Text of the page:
Abraham Kuruvilla, A Manual for Preaching: The Journey from Text to Sermon (Grand Rapids: Baker Academic, 2019).
The author, Abraham Kuruvilla, is well-regarded for his work in homiletical theory and methodology. As an author, teacher, and practitioner of preaching, he is well-suited to write the volume under consideration.
This manual contains nine logically-arranged chapters sandwiched between an introduction and conclusion. It moves from “getting ready” (chp. 1) to “delivering sermons” (chp. 9). The reader is taken from text to sermon methodologically and the process is demonstrated by Kuruvilla with passages from Genesis and Ephesians. There are also four appendices that help to unpack select concepts.
Overall, the volume is a bit more technical than some standard preaching texts. The reader will have to pay close attention to fully-appreciate its contributions. But thankfully, the author is careful in defining, explaining, and illustrating his points. For example, Kuruvilla defines biblical preaching as “Biblical preaching, by a leader of the church, in a gathering of Christians for worship, is the communication of the thrust of a periscope of Scripture discerned by theological exegesis, and of its application to that specific body of believers, that they may be conformed to the image of Christ, for the glory of God—all in the power of the Spirit” (p. xiv). One might not agree with the definition but there should be little confusion about what the author means. Preaching veterans and novices will benefit from the sage advice that is sprinkled throughout. Concerning the tendency to chase theological rabbits, Kuruvilla, advises, “Be discriminating. Keep asking, right from the start, “Will knowing this help me discern the doing of the author? Do I need to know this to apply the text?” (p. 34). More than one sermon has been waylaid because this important point was not heeded. Later he reminds us that “simplicity always wins” (p. 227). The humor (usually of the dry variety) was another feature of this book that I enjoyed.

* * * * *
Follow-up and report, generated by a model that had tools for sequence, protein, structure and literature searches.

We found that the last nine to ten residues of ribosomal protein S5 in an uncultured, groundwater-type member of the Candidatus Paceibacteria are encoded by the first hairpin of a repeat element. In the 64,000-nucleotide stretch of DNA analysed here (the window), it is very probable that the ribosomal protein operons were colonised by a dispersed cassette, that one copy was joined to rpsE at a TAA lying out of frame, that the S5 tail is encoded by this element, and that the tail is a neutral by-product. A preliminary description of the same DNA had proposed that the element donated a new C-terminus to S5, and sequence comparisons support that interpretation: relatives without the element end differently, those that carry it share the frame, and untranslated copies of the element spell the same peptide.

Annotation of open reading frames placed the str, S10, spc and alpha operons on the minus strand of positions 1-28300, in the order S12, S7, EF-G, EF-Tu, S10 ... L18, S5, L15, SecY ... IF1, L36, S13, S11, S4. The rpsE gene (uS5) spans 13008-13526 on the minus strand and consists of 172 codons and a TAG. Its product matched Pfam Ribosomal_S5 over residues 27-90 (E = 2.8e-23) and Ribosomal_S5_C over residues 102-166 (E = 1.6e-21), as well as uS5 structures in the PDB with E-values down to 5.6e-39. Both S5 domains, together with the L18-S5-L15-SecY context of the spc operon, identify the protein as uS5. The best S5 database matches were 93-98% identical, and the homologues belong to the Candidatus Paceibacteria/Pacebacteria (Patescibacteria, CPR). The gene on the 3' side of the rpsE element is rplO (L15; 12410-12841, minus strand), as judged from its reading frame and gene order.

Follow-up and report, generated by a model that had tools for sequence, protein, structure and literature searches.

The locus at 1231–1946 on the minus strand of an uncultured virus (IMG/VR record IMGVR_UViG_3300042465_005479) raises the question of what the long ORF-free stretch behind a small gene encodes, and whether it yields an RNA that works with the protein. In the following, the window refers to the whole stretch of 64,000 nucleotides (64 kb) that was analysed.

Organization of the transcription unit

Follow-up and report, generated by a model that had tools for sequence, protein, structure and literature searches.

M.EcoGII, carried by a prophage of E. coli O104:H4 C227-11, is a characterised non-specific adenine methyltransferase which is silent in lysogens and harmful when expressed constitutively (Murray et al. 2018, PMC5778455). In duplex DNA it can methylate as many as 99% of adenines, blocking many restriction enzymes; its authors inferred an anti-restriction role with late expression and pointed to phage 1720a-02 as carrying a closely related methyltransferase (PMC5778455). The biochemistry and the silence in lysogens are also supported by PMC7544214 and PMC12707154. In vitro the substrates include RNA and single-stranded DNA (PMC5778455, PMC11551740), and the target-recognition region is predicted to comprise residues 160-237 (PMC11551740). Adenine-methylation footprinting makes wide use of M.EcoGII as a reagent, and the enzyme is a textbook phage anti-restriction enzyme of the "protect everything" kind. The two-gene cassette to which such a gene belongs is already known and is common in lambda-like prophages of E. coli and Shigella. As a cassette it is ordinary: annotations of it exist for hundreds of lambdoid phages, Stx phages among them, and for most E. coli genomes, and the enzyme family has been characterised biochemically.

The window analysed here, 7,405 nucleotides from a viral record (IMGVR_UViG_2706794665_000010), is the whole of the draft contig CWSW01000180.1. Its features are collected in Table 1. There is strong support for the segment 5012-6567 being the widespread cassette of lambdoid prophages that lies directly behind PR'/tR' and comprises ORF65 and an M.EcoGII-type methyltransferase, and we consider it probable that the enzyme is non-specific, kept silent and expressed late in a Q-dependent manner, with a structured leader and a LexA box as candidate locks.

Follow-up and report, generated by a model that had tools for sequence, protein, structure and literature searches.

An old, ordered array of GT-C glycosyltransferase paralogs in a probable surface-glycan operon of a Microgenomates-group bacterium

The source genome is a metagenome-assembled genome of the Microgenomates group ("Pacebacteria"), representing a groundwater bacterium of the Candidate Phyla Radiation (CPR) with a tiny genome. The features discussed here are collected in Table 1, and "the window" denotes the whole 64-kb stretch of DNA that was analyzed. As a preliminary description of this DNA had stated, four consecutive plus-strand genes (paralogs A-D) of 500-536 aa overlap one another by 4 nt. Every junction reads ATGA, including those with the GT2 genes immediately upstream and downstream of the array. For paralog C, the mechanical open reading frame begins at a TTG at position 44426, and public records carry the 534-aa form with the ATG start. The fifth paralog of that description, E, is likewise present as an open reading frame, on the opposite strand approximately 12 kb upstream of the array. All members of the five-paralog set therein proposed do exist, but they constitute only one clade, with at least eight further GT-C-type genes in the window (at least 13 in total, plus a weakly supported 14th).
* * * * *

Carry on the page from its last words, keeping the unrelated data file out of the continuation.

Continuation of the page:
In a book like this, there will typically be definitions, concepts, and advice that will generate disagreement. I suspect that some will find Kuruvilla’s approach too technical and process too mechanical. Others will not appreciate his views regarding the biblical languages (pp. 9-10). Concepts and terms like pericopal theology, Christiconic, and theological focus are likely to generate healthy debate. His challenge of the popular “big idea” approach (app. 1) has and will continue to produce lively discussions.
But in sum, Kuruvilla has gifted the preaching community with a volume that has the potential to produce better and more biblically-faithful preachers. This should be worth celebrating even if one might have to occasionally spit out a seed before enjoying the fruit.
You can access a PDF excerpt here.
Much thanks to Baker Academic for providing the copy used in this unbiased review.